Many people often find themselves in heated discussions over panhandling. Some give, others refuse. Some give food, but never money. Some recommend giving out cards with contact info for the nearest social services instead of cash. Many don't know what to do. Each stance can be very principled.
There are no easy answers to panhandling. This is why the Catholic Worker movement has always stressed the importance of personal involvement with the poor. You just can't know what the "right thing" to do is unless you walk a few miles with the people you are helping, and even then the decisions are often difficult. Your spare change could buy someone a crack fix. Your spare change could also save someone's life with emergency food or medicine. There is no way to know for sure. There is no blanket solution that serves every person equally, as much as we might like one.
I tend not to support panhandling. I rarely carry cash, so that makes the decision easy. I would rather address poverty systematically rather than in some random way, but I don't pretend to know if that's the right decision or not.
An interpretation of "Lazarus and the Rich Man" from Luke's gospel.
However, I have to admit that in some ways I like panhandling, even though I would never wish that anyone had to do it. It does get people talking. It forces us to think about an issue that we'd all rather forget about. It is poverty getting right up in your face. If the panhandlers would keep to themselves and only ask for their needs at established agencies and shelters, most of the general public would never have to engage with them or ask themselves these tough questions.
The truth is that there are poor people out there every day, even if they do not make an effort to approach anyone. Yet, it seems much more real when it is up close and personal. We feel guilty if we turn away a panhandler--and it can really ruin a night out on the town. But the truth is that we turn away poor people every single day. The fact that there are some days when people do not ask us directly face-to-face does not change the fact that we know they are out there and that they need help.
Why should be wait until someone randomly finds us on the street and asks us for help? That's not a very strategic way of addressing poverty.
It is interesting that we feel a moral obligation to do something when asked directly, but often don't feel it otherwise. It seems to be part of the human condition. It is the same condition that allows us to be mortified at the picture of a single wounded person but take little interest in lists of bombing casualties of war victims we never see. We must always strive to stay personally involved because of this inherent tendency in the human condition--out of sight very often makes something out of mind, and, apparently, out of reach of our heart, too.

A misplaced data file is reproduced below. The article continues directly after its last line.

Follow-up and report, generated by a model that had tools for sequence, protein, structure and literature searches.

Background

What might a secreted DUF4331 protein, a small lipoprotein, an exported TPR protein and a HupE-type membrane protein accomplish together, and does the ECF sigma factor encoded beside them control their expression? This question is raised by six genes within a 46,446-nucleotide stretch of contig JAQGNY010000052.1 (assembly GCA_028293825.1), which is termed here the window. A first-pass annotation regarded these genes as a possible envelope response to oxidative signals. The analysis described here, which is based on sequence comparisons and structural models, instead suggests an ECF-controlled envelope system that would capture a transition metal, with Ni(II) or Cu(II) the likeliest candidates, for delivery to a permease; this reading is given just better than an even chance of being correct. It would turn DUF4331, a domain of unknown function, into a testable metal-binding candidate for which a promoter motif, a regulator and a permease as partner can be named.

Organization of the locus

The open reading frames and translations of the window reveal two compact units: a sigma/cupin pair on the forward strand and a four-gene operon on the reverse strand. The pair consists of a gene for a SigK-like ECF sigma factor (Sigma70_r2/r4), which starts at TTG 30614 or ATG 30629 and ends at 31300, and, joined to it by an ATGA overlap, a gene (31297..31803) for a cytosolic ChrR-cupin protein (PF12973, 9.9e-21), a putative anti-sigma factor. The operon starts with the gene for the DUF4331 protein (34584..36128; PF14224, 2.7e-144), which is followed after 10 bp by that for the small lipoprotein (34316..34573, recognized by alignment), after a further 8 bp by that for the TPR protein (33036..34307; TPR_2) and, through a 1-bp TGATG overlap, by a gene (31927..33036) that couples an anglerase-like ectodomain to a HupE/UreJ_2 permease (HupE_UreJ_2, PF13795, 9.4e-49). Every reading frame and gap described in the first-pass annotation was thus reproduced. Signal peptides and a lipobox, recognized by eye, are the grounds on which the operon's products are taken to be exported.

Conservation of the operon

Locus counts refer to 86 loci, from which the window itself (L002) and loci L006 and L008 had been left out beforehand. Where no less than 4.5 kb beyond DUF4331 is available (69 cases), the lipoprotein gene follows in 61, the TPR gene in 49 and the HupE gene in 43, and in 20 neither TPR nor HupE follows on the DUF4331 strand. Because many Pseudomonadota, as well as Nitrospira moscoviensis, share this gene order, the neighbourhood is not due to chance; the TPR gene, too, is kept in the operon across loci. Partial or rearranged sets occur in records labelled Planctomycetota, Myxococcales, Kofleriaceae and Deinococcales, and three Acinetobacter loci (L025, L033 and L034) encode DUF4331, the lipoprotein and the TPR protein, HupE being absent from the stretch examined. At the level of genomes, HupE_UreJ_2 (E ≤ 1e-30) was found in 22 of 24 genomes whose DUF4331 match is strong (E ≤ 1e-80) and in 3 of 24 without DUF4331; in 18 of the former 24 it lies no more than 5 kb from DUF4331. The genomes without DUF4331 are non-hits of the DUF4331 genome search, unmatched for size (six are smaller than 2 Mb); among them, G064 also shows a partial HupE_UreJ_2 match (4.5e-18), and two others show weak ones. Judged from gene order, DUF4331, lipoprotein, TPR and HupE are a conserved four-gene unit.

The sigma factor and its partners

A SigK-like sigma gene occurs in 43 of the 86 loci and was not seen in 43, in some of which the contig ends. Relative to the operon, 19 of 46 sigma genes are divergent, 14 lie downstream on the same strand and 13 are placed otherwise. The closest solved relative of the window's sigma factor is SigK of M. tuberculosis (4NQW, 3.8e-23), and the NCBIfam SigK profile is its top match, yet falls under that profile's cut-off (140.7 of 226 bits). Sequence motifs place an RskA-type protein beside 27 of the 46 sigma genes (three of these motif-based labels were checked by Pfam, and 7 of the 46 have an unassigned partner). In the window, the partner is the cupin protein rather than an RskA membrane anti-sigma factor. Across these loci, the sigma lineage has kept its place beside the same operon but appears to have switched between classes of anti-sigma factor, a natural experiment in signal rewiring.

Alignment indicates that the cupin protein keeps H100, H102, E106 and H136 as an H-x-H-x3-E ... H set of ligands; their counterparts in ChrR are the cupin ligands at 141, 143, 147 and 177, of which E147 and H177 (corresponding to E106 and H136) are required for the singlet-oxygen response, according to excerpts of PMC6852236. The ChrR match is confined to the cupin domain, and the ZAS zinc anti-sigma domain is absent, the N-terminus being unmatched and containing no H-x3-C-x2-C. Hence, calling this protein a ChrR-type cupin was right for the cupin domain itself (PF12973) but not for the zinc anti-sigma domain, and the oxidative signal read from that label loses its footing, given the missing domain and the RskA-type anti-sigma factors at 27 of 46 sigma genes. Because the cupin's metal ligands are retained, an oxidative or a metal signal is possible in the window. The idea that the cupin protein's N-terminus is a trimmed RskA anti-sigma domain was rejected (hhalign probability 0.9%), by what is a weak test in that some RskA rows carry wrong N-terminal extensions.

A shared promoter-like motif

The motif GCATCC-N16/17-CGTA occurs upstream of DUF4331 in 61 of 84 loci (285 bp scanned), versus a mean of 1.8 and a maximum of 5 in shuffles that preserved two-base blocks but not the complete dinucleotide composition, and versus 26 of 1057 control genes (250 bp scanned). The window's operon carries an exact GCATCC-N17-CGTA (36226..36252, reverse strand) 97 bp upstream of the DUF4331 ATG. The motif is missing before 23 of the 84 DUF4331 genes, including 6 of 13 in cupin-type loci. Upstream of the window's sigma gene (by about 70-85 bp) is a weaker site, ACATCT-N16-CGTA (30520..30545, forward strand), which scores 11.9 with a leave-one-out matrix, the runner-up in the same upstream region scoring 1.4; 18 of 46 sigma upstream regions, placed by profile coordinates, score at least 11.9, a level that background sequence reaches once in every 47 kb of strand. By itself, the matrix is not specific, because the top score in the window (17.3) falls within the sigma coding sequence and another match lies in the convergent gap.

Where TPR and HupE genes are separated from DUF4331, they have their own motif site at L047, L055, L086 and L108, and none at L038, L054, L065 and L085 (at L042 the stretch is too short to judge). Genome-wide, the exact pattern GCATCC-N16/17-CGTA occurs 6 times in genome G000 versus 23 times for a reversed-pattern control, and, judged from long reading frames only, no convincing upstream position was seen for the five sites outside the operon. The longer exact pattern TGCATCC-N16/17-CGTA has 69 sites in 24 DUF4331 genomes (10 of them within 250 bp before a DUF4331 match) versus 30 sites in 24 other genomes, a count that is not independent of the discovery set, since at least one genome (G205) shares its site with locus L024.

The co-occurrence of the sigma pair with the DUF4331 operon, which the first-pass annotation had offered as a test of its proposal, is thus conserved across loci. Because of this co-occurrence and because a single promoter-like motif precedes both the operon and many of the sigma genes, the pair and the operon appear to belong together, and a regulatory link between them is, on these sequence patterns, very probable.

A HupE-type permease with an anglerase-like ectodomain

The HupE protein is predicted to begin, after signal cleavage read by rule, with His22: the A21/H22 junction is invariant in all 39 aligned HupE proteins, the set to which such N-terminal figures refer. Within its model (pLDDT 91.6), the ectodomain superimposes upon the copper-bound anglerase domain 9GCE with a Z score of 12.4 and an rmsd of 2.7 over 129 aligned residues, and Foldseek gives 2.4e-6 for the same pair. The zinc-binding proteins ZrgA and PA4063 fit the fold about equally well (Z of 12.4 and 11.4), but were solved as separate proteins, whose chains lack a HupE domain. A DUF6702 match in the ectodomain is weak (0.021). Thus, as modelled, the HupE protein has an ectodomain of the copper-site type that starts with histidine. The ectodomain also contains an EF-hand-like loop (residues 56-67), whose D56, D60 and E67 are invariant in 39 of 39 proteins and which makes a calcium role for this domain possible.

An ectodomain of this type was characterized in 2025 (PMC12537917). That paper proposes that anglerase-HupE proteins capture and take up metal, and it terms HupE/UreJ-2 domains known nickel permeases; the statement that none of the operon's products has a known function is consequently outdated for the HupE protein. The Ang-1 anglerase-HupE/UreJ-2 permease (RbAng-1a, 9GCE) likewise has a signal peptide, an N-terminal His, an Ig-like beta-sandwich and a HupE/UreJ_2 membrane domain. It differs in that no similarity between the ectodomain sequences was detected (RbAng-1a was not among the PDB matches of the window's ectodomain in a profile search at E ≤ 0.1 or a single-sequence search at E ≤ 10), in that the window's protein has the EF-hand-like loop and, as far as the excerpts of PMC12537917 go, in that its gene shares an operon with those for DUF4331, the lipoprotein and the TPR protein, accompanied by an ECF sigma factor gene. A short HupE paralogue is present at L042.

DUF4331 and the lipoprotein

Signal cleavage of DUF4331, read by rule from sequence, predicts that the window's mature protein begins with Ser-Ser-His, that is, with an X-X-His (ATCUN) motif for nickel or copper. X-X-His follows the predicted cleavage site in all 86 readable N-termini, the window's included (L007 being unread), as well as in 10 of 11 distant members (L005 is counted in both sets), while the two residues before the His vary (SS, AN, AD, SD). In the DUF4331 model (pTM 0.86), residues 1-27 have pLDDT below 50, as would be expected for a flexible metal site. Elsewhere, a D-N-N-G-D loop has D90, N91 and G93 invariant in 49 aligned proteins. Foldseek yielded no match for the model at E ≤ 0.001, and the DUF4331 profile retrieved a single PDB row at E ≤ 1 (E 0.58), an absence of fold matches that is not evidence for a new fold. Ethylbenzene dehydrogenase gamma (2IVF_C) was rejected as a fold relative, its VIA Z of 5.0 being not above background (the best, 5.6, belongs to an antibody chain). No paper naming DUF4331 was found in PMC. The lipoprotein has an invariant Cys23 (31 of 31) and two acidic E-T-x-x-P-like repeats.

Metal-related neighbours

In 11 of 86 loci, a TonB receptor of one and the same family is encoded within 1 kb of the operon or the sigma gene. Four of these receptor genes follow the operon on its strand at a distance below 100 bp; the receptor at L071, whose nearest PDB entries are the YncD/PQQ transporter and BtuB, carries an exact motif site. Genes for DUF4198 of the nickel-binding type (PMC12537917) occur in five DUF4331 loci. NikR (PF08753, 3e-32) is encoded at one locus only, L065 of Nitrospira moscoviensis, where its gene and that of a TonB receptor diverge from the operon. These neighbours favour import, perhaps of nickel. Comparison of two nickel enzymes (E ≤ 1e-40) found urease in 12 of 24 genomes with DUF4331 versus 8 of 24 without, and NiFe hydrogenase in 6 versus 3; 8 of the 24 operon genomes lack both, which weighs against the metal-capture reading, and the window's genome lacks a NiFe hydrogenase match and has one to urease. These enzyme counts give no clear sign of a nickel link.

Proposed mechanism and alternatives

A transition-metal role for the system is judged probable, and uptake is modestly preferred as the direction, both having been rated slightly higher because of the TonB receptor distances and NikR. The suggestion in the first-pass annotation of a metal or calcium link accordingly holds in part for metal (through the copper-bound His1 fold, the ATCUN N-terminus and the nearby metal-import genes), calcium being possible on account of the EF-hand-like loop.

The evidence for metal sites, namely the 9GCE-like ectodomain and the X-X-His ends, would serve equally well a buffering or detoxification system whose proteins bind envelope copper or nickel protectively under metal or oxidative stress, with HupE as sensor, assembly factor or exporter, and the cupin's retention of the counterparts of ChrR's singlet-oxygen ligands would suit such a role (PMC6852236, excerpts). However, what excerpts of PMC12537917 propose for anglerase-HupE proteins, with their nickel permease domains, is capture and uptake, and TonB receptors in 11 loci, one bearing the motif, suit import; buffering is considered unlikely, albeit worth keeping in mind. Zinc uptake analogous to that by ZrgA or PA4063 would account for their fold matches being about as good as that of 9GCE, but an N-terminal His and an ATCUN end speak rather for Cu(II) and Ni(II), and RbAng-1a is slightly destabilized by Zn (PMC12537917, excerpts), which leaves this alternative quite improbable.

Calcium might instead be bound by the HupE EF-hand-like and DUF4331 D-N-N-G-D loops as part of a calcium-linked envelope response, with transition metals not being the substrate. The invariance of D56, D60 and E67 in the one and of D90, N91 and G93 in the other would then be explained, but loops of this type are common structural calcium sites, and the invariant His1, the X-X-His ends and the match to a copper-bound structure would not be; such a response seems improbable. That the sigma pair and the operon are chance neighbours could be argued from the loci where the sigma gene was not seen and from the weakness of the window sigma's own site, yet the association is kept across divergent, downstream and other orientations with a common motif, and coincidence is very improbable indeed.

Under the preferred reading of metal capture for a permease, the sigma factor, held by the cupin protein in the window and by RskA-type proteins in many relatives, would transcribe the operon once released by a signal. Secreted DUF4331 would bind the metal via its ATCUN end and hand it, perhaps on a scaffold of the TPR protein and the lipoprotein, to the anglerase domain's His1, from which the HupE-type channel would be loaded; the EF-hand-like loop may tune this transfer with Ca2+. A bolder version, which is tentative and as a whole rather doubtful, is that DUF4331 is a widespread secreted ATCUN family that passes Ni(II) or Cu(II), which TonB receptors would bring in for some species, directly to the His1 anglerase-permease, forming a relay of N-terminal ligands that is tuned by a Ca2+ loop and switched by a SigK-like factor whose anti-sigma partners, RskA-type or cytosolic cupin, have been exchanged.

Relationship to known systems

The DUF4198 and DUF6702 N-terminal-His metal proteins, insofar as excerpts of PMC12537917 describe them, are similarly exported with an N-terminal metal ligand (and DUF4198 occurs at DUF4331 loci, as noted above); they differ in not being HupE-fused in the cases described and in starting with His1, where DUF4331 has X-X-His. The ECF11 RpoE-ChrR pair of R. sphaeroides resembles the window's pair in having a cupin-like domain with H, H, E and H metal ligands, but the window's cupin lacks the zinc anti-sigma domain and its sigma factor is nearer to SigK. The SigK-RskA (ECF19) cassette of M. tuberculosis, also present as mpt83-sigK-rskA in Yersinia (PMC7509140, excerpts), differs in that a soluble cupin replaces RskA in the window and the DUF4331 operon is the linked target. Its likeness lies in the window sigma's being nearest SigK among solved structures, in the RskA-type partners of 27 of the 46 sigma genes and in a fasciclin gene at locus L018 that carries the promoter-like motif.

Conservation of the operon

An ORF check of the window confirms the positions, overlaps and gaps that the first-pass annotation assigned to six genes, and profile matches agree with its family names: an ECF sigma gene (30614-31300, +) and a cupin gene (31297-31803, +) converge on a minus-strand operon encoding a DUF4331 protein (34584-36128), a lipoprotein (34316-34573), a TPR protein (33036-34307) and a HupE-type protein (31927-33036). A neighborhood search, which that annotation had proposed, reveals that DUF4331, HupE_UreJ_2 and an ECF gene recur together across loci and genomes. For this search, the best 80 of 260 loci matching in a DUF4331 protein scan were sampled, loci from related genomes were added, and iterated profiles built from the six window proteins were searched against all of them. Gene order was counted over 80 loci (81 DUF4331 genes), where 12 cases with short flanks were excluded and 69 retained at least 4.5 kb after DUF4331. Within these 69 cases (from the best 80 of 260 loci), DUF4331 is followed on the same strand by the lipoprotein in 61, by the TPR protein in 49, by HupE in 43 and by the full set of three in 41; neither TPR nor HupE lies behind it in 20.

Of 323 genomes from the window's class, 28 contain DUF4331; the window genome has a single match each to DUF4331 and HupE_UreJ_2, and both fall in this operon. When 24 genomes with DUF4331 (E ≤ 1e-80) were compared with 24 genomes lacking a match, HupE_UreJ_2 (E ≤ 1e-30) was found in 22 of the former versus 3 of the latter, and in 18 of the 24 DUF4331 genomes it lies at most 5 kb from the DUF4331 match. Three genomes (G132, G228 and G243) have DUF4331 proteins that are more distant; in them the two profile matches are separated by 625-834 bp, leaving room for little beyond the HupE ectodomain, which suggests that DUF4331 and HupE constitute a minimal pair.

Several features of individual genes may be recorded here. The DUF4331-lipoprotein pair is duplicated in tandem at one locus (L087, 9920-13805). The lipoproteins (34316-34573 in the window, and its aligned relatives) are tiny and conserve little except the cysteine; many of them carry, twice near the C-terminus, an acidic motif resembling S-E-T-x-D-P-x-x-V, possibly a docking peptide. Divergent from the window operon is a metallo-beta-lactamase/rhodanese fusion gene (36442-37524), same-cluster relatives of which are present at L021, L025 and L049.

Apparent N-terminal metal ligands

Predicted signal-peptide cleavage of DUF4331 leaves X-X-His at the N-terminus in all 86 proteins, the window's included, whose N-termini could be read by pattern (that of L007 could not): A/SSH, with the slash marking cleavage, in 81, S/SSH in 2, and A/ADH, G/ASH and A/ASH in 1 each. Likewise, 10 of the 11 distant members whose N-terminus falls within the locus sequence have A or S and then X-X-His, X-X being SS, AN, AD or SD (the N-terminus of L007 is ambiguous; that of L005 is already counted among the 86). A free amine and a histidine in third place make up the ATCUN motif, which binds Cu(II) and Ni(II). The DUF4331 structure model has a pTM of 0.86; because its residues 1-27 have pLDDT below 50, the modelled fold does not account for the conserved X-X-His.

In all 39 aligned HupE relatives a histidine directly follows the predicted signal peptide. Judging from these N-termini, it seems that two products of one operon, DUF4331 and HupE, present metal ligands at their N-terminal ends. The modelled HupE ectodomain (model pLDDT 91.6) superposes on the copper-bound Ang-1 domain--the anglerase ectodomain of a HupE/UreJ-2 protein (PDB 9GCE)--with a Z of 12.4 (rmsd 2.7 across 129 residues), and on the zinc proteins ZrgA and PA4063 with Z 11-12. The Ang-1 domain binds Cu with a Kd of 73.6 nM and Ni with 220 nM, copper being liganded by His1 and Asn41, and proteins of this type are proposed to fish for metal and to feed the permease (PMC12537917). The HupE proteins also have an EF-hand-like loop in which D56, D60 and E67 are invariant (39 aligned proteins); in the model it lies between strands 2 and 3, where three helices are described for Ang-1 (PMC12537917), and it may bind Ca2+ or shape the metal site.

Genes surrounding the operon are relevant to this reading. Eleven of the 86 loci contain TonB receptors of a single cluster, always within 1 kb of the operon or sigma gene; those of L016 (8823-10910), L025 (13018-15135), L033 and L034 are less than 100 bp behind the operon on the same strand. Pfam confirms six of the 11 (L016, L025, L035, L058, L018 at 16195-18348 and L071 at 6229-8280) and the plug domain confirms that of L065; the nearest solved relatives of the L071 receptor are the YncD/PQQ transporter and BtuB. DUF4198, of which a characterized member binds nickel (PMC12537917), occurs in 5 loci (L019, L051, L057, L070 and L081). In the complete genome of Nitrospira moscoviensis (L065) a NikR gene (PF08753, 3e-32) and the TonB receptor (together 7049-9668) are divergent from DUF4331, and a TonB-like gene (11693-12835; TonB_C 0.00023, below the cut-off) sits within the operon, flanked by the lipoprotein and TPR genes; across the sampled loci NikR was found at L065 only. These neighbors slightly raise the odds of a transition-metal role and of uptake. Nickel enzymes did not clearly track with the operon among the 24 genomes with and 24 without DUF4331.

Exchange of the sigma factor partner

I've ever heard some people say they would like to see the soup kitchens and shelters closed down, bringing masses of people out into the streets begging from anyone they could find. This would force society as a whole to do some serious thinking about poverty. While I can understand the logic, I would never advocate for the poor to be used as pawns like that.
The Catholic Worker has always advocated for giving direct food, clothing and shelter to those who need it, even if that means we run the risk of being a "band aid" by cleaning up the mess that our unjust society has created. Out of mercy for the poor, we must help them--a hungry person needs food right away, and he can't wait for society to change to get it.
But we also work for long term, systemic change. We must ask the question, "Why are they poor in the first place?" Being approached by a panhandler on the street can be a big wake-up call, but we don't need to wait for panhandlers to approach us. For every panhandler there are dozens more who suffer in silence, never asking for help. Or maybe they just aren't able to find you. What are we doing about poverty every day?